Re: Shopping Cart Rights - Homeless Win In San Francisco, CA, USA FWD

mikala bembery (mikalabeit@hotmail.com)
Tue, 19 Oct 1999 18:21:38 PDT


Hey,
I remember, it must be almost ten years ago now,Big D supermarket used to 
pay someone with a pick-up truck to drive aroundthe surrounding 
neighborhoods and recover stray carts. Being that alot of the people didn't 
have cars the shopping cart retrival technian was never without employment.

It sure is funny how as people we put the cart before the horse when we put 
so much energy into "consequence issues" rather than seeking out real, 
systemic solutions.

By the by, I once saw a news story about this shopping cart 
issue/consequence. Industry claims that those carts are around
$500-600 each Too bad that their isn't a heavy back market for 
shoppingcarts, then we could sell them and pay some of the fair market rent.

               Mikala

>From: Tom Boland <wgcp@earthlink.net>
>To: HOMELESS PEOPLE'S NETWORK list <HPN@aspin.asu.edu>
>Subject: Shopping Cart Rights - Homeless Win In San Francisco, CA, USA  FWD
>Date: Tue, 19 Oct 1999 11:30:52 -0700 (PDT)
>
>http://www.usnews.com:80/usnews/issue/991025/cart.htm
>FWD  U.S. News & World Report - October 25, 1999
>
>      THE RIGHT TO A SHOPPING CART
>
>      THE HOMELESS WIN ONE IN SAN FRANCISCO
>
>      BY MIKE THARP
>
>San Francisco Mayor Willie Brown put the cart before remorse - and his
>timing couldn't have been worse. Just as the city's mayoral race was
>heating up earlier this month, the press discovered Brown's scheme to strip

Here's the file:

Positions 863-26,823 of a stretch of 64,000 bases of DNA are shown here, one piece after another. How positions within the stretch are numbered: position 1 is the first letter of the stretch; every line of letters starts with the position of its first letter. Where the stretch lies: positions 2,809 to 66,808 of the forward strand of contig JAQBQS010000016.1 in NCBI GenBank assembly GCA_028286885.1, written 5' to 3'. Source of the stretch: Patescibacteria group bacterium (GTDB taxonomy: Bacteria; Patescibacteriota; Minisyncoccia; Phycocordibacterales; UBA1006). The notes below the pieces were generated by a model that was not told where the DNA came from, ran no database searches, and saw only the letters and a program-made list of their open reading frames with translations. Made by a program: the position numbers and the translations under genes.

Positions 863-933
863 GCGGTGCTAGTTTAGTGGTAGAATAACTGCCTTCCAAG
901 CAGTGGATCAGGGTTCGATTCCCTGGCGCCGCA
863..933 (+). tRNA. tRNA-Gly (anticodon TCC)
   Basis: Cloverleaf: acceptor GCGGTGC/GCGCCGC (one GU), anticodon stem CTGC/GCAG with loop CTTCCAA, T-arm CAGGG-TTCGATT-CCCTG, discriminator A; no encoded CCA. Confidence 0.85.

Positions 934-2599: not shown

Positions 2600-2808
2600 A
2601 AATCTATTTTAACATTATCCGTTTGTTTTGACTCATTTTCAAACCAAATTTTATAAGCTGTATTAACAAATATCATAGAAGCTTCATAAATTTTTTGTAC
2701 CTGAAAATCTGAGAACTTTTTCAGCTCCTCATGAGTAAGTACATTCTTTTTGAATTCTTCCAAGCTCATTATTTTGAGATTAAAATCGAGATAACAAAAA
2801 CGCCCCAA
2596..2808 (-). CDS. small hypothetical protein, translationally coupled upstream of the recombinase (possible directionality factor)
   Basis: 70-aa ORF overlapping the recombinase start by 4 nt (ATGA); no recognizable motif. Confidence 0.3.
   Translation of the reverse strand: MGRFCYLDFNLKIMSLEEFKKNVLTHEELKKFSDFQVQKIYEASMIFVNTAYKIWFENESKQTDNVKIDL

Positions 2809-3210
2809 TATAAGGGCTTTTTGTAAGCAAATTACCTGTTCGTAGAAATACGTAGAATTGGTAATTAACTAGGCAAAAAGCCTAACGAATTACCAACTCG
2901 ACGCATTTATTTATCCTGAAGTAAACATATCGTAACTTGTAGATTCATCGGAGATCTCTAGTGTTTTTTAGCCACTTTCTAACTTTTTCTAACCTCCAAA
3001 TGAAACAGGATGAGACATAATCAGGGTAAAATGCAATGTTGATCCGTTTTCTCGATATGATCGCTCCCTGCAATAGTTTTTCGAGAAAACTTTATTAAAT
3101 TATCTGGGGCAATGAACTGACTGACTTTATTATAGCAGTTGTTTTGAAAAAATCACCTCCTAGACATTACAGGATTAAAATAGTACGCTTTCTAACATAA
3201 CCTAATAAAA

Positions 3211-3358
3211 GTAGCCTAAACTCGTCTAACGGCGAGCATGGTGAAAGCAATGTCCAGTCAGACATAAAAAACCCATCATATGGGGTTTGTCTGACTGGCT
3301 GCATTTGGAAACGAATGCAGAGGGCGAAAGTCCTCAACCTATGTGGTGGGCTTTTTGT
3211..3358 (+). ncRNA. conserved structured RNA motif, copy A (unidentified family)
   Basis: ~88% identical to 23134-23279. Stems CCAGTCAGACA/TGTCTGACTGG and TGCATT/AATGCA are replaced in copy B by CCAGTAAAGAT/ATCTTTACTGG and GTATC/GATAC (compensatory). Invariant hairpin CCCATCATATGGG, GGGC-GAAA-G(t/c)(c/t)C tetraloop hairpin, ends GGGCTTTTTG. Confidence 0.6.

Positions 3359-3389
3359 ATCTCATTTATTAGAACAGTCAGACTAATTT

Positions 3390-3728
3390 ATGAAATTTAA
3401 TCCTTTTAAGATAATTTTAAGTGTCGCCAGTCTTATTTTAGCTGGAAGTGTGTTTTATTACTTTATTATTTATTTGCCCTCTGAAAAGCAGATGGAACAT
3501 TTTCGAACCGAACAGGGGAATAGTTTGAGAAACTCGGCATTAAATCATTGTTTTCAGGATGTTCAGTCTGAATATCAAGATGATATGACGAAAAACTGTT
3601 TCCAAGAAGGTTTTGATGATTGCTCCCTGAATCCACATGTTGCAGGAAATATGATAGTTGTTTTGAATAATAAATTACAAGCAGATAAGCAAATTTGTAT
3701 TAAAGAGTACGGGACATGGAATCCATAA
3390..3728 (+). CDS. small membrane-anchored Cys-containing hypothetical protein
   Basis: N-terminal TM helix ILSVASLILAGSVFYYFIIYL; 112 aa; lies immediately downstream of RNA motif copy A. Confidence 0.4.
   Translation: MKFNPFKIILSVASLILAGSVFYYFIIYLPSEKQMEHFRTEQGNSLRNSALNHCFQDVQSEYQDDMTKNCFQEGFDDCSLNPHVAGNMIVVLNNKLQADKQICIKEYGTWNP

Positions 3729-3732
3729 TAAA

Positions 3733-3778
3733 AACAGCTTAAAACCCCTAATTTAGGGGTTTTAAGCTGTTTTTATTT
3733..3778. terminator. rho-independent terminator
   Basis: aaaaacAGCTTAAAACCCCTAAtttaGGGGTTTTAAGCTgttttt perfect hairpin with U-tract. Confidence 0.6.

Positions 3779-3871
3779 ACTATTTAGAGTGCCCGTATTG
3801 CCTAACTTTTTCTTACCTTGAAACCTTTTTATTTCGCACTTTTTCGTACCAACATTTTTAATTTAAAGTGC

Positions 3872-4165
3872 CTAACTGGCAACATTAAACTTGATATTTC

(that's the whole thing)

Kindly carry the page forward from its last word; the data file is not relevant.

>the homeless of their shopping carts. And that was the end of that.
>
>Under the shopping cart "recovery" program, police would have issued the
>homeless citations for possessing stolen property and required them to
>appear in court. But San Franciscans would have none of it. Denouncing the
>plan as "aesthetic cleansing," they demanded it be recalled. And that's
>just what the mayor did last week. "I'm not trying to get the Giuliani
>vote," Brown barked, referring to the New York mayor's crackdown on a
>litany of perceived sins, like jaywalking
>
>*Tripping.*
>
>Many of San Francisco's estimated 4,000 to 14,000 homeless load carts with
>their belongings or with cans they collect and haul to recycling centers.
>"I make $13 to $15 a trip," said 39-year-old Kenneth Goodteacher recently
>as he pushed his cart near the famous Haight-Ashbury corner.
>
>In recent years, even historically laid-back San Franciscans have begun to
>grow weary of their homeless population. Still, a tradition of social
>tolerance lives on in the city by the bay. So when it comes to cracking
>down on the homeless population, no one - not even Willie Brown - gets
>carte blanche.
>
>END FORWARD
>
>**In accordance with Title 17 U.S.C. section 107, this material is
>distributed without charge or profit to those who have expressed a prior
>interest in receiving this type of information for non-profit research and
>educational purposes only.**
>
>
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